Category Archives: Lending

Trump reportedly considering former OneWest CEO to lead OCC

President Donald Trump is reportedly close to installing another former top OneWest Bank official in a significant role in the government, CNBC reported Tuesday.

According to the report, the Trump administration is “expected to name” Joseph Otting to serve as the Comptroller of the Currency, one of the country’s top financial regulators.

Otting served as the CEO of OneWest from 2010 until 2015, working alongside Steven Mnuchin, the recently installed Secretary of the Department of the Treasury and the bank’s former chairman.

Otting would replace Thomas Curry, whose term as the Comptroller of the Currency expires next month.

Here’s more from CNBC:

The White House is expected to name former OneWest executive Joseph Otting as comptroller of the currency, according to two people with direct knowledge of the selection process, installing a close colleague of Treasury Secretary Steven Mnuchin in a key regulatory role.

The sources said Otting has undergone formal vetting. One person with direct knowledge said he has received a thumbs up from Mnuchin, with whom he worked closely at OneWest, the California bank that the Treasury secretary purchased in 2009. Another said that Otting has gained the approval of President Donald Trump.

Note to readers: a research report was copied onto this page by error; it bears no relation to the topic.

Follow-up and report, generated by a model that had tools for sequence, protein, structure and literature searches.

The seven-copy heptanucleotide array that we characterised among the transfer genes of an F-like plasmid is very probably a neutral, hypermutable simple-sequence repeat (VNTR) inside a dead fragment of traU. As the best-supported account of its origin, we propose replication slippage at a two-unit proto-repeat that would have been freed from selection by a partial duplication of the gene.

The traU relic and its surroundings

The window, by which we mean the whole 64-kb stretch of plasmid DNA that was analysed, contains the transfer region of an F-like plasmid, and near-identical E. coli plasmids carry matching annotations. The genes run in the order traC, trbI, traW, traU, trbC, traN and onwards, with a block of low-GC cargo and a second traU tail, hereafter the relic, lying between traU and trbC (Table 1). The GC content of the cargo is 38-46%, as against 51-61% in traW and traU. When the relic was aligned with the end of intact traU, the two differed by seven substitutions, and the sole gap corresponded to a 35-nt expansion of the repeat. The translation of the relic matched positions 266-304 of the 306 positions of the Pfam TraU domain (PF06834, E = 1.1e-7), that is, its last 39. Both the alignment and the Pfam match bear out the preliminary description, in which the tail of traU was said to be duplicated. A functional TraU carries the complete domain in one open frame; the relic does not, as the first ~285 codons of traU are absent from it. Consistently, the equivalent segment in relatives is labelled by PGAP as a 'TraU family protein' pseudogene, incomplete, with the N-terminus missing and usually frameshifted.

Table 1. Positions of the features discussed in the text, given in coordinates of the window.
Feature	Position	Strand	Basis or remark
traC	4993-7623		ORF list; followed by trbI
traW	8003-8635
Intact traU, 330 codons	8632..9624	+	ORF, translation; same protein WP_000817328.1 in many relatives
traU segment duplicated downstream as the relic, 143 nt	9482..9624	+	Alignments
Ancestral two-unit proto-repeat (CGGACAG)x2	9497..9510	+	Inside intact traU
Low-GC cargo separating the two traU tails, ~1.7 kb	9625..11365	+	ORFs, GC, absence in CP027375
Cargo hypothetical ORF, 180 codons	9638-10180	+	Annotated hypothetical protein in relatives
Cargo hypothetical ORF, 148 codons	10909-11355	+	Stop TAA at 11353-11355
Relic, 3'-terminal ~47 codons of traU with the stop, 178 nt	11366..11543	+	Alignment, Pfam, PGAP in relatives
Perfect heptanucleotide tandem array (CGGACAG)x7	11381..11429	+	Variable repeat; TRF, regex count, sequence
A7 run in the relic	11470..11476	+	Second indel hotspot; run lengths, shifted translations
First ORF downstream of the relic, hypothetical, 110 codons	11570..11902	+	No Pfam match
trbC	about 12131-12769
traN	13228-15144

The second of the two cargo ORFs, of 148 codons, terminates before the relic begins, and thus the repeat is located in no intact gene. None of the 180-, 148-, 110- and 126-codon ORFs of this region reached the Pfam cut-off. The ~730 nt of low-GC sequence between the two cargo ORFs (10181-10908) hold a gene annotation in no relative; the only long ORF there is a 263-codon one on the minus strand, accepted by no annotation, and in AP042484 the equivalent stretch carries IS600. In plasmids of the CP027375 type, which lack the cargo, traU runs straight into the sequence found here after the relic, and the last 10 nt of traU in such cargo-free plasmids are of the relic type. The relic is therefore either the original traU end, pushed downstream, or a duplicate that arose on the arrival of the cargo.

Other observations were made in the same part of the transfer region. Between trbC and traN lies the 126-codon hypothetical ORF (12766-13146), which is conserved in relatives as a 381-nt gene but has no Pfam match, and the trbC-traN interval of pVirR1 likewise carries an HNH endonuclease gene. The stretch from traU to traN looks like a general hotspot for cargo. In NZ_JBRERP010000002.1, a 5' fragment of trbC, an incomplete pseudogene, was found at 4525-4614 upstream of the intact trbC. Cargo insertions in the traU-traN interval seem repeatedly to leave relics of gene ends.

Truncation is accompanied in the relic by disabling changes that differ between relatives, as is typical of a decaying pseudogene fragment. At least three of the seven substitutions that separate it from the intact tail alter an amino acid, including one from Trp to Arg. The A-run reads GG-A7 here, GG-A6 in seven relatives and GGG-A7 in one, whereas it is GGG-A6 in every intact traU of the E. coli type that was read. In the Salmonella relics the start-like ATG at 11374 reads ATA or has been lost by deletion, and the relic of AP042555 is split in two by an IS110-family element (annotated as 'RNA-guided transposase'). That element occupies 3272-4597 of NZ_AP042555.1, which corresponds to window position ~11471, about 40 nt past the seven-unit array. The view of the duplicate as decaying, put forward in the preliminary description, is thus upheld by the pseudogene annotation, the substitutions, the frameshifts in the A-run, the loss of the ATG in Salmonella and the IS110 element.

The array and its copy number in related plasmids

The CNBC article notes that Otting was fired by the bank after merging with CIT Group in 2015.

To serve as Comptroller of the Currency, Otting would need to be confirmed by the Senate, and Senate Democrats would likely hold OneWest’s foreclosure practices against him, as was the case with Mnuchin.

Again from CNBC:

Otting joined OneWest as chief executive in 2010. At the time, Mnuchin cited Otting’s knowledge of the market, client relationships and leadership capabilities. He was a visible defender of the bank during community protests accusing it of aggressively foreclosing on homeowners, and during the bank’s merger with CIT. However, Otting was fired after the acquisition occurred.

Democrats frequently criticized Mnuchin during his confirmation process over OneWest’s lending and servicing activities.

Democrats began calling Mnuchin the “foreclosure king” in an attempt to use OneWest’s foreclosure practices against him.

Senate Democrats attempted to dent Mnuchin’s nomination during his confirmation hearing, even going to so far as pushing to allow some of OneWest’s supposed foreclosure victims to testify before the Senate Finance Committee.

Then Democrats took their fight against Mnuchin a step further by boycotting the committee’s vote, but the Republicans on the committee overrode that.

Despite the Democrats’ efforts, Mnuchin was confirmed in a partisan vote of 53-47.

The CNBC also notes that the Trump administration is considering Thomas Vartanian, who “advised Bank of America on its purchase of the troubled mortgage lender Countrywide during the financial crisis,” to replace Daniel Tarullo, who recently announced his resignation from the Board of Governors of the Federal Reserve System.

Tarullo is also the Fed’s vice chairman of supervision, a position considered to be among the most powerful in banking.

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Maxine Waters accuses Wells Fargo execs of dodging fake account inquiries

Wells Fargo executives are dodging additional Congressional inquiries into the bank’s massive fake accounts scandal, Ranking Member of the House Committee on Financial Services Maxine Waters, D-Calif., said last week in a letter sent to Wells Fargo CEO Timothy Sloan.